Hebrews 1:1-4; 2:5-12
“It is not good for man to be alone; I will make a fitting helper for him.”[i]
In her masterful study of the book Genesis, Jewish scholar Avivah Zornberg notes that this is the first statement uttered by God in the creation narrative that does not immediately bring something into being. It is a brief soliloquy, an aside, a window into God’s thoughts. God does not act upon this thought directly. He creates the animals, and brings them to Adam to receive names. Among them, “there was not found a helper as his partner.” In his commentary on this text, the medieval rabbi Rashi proposes that God knew this would happen. He imagines Adam, the Human,as the one who seeks yet does not find, as God presents the animals to him already in pairs. At the conscious, painful realization of his human aloneness, sleep overwhelms him. Like God, Adam has been great in this aloneness. He has stood vertically, upright, among all the animals who creep, slither, and swarm horizontally upon the earth. But in greatness, aloneness, verticality, he has known no equivalent Other. For this to happen, Zornberg writes, Adam “must, in a sense, diminish himself” and “come to know the rightness of a more complex form of unity.”[ii] He falls, horizontally upon the earth, as if under divine anesthesia. Eve comes into being.
The mysteries of the One and the Two, Unity and Duality, Union and Division are at the heart of this morning’s gospel text from Mark, and at the heart of the Genesis narrative cited by Jesus himself. There is the mystery of Adam, who came into being as One but came to a realized Personhood as Two: Adam and Eve. There is the wondrous mystery of human marriage, by which two “are no longer two, but one flesh.” There is the painful mystery of human divorce, by which one flesh is torn and made two once more. But all these, I believe, point to a mystery more encompassing and profound: the universal yearning to taste the original unity that is our birthright, the single-heartedness that is at the core of Jesus’s message.
We know, in our hearts, that we cannot return to the undifferentiated, innocent oneness of childhood; we cannot grow backwards. Yet we mourn this. We know also that we have crossed the threshold of mature being: we are differentiated, marked by experience. We have left the garden. We have left our father and our mother and the world is now full of choices. Each one matters, and by each we become a little more, or a little less, of what God intends for us. Yet precisely because we can choose – in the same way that Adam chose Eve – the possibility of a new kind of union opens before us. This is an inner unity given graciously, gratuitously, and directly by the hands of God.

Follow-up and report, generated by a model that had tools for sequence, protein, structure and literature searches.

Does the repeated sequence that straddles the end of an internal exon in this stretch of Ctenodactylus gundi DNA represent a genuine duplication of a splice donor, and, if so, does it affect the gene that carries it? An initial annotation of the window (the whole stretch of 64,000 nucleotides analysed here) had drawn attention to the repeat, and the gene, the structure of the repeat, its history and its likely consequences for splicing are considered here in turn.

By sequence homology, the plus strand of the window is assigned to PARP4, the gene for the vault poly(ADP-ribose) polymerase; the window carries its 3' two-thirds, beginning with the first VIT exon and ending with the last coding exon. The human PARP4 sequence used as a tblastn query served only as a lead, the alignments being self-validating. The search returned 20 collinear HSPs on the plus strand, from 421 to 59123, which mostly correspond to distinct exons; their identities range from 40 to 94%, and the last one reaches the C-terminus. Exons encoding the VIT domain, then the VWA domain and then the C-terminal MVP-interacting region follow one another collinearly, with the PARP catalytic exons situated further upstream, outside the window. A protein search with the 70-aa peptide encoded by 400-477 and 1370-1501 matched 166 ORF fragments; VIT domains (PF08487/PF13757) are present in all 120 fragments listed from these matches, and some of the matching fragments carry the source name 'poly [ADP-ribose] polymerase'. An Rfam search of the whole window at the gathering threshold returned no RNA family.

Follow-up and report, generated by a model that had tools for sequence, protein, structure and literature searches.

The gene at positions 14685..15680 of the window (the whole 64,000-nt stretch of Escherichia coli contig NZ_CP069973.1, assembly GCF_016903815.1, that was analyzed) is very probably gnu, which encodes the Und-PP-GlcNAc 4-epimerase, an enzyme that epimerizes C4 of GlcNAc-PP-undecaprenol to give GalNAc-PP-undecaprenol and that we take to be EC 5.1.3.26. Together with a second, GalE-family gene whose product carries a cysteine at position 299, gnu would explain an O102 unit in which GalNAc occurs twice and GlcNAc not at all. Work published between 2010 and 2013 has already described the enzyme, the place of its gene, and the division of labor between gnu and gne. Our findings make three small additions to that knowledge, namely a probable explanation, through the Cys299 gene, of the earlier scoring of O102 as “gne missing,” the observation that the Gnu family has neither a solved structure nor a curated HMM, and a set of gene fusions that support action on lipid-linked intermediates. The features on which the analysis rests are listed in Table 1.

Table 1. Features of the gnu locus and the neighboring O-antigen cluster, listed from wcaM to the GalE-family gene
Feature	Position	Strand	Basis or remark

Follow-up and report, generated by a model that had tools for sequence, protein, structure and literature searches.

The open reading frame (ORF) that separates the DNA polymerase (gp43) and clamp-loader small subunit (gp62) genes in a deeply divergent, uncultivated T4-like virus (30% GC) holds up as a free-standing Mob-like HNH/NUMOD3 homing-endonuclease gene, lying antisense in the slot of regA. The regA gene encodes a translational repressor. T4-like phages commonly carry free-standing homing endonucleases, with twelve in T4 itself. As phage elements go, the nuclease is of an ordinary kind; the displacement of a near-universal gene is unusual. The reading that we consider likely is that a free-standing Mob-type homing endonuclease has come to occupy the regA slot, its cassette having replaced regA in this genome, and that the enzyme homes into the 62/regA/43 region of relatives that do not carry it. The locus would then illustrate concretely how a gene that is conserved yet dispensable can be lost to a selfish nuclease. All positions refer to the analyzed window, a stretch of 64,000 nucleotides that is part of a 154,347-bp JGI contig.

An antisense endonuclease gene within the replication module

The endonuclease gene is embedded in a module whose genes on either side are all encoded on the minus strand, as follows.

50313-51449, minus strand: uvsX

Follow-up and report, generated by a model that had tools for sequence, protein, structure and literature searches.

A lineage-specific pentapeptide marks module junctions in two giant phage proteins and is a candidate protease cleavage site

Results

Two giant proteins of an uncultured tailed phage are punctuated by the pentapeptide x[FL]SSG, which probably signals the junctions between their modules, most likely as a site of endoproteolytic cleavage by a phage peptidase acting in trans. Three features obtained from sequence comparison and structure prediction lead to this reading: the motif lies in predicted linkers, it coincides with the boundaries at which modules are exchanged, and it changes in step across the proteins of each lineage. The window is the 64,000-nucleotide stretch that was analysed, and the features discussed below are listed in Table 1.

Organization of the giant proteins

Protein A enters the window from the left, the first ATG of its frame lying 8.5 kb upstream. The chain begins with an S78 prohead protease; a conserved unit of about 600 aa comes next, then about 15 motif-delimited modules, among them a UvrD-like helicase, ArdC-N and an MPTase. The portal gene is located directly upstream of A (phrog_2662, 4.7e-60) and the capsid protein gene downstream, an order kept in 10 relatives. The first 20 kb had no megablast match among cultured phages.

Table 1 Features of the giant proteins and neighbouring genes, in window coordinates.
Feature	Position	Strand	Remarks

Jesus ends his discussion with the Pharisees with a terse statement that pierces their smoke and mirrors with a beam of pure, white light: So, then, what God has united, human beings must not divide.[iii] In our Rule of Life, we read, “the Spirit stirs in the depths of our being and unites all that we are, even what is broken and not yet formed, with the risen Lord.”[iv] The Holy One desires our oneness: a union with God that manifests itself inwardly, as all the seemingly disparate pieces of our humanity are stitched together by an invisible hand, into a single fabric, a radiant and eternal wedding garment. The Holy One desires our oneness: a union with the world that manifests itself to our outward experience, as we consent to take more and more of the created order as the sphere of our personal concern and compassion. The Holy One desires our oneness: a one-ing with God that manifests itself as an entrusting of self beyond deliberation or hesitancy, as the Lover to the Beloved – neither one nor two, but both one and two.